The origin exists as a “wave function”: a series of potentialities with attached probabilities, the potentials being the logically and physically possible products.

But what can be learned about the origin by a crude comparison to the product? Mostly traits and attributes related to structure and to function. These are easily observable. Is this sufficient? Can we learn anything about the “true nature” of the origin? The answer is negative. It is negative in general: we can not aspire or hope to know anything about the “true nature” of anything. This is the realm of metaphysics, not of physics. Quantum Mechanics provides an astonishingly accurate description of micro-processes and of the Universe without saying anything meaningful about both. Modern physics strives to predict rightly – rather to expound upon this or that worldview. It describes – it does not explain. Where interpretations are offered (e.g. the Copenhagen interpretation of Quantum Mechanics) they run into insurmountable obstacles and philosophical snags. Thus, modern science is metaphorical and uses a myriad of metaphors (particles and waves, to mention but two prominent ones). Metaphors have proven themselves to be useful scientific tools in the “thinking scientist’s” kit.

Moreover, a metaphor can develop and its development closely traces the developmental phases of the origin. Take the computer software metaphor as an example:

At the dawn of computing the composition of software applications was serial, in machine language and with strict separation of data (called: “structures”) and instruction code (called: “functions” or “procedures”). This was really a “biological” phase akin to the development of the embryonic brain (mind). The machine language closely matched the physical wiring of the hardware. In the case of biology, the instructions (DNA) are also insulated from the data (amino acids and other life substances). Databases were handled on a “listing” basis (“flat file”), were serial and had no intrinsic relationship to each other (an alphabetic order is an extrinsic order, imposed from the outside and existing only in the mind of the “imposer”). They were in the state of a substrate, ready to be acted upon. Only when “mixed” in the computer (as the application was run) did functions operate on structures.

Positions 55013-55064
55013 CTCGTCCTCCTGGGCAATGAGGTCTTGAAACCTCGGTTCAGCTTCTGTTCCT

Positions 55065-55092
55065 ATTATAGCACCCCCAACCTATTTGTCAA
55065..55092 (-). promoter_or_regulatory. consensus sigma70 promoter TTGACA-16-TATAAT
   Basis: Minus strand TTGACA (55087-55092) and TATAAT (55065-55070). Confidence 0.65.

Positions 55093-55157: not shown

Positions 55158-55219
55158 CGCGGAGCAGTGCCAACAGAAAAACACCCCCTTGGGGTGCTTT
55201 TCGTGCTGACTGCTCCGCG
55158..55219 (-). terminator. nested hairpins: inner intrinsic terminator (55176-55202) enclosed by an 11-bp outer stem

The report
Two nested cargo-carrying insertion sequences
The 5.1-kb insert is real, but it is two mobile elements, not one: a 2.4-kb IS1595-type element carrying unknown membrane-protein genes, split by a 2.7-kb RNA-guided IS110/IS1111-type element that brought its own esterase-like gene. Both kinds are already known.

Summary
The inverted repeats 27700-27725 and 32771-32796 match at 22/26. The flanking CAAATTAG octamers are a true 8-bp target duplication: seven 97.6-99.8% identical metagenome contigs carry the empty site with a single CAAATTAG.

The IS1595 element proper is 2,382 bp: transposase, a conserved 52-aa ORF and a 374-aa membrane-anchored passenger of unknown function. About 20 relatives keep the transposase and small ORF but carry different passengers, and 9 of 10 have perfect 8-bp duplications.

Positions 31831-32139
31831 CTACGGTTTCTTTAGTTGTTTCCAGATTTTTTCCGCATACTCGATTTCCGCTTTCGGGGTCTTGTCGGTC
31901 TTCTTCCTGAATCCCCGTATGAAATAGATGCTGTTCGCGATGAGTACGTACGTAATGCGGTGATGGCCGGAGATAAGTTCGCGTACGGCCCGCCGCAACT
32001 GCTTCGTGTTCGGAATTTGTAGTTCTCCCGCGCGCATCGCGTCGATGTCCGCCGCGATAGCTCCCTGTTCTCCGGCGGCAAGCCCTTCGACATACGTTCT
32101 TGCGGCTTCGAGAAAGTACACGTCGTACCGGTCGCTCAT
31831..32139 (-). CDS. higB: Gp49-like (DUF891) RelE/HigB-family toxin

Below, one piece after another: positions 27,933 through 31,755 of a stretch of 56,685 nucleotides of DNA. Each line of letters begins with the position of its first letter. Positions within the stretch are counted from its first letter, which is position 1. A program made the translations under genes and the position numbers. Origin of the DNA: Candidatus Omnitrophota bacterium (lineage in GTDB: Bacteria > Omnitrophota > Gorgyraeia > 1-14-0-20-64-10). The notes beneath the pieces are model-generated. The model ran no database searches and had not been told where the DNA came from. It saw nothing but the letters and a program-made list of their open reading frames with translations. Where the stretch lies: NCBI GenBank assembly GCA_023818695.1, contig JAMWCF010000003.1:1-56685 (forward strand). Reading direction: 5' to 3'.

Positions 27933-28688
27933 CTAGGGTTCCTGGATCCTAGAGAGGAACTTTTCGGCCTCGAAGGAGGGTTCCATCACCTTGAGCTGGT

This was, quite expectedly, followed by the “relational” organization of data (a primitive example of which is the spreadsheet). Data items were related to each other through mathematical formulas. This is the equivalent of the wiring of the brain, as the pregnancy progresses.

The latest evolutionary phase has been the OOPS (Object Oriented Programming Systems). Objects are modules which contain BOTH data and instructions in self contained units. The user is acquainted with the FUNCTIONS performed by these objects – but not with their STRUCTURE, INTERNAL COMMUNICATIONS AND PROCESSES. Objects, in other words, are “black boxes” (am engineering term). The programmer is unable to tell HOW the object does what it does, how does external, useful function arise from internal, hidden ones. Objects are epiphenomenal, emergent, phase transient. In short: much closer to reality as we came to describe it in modern physics.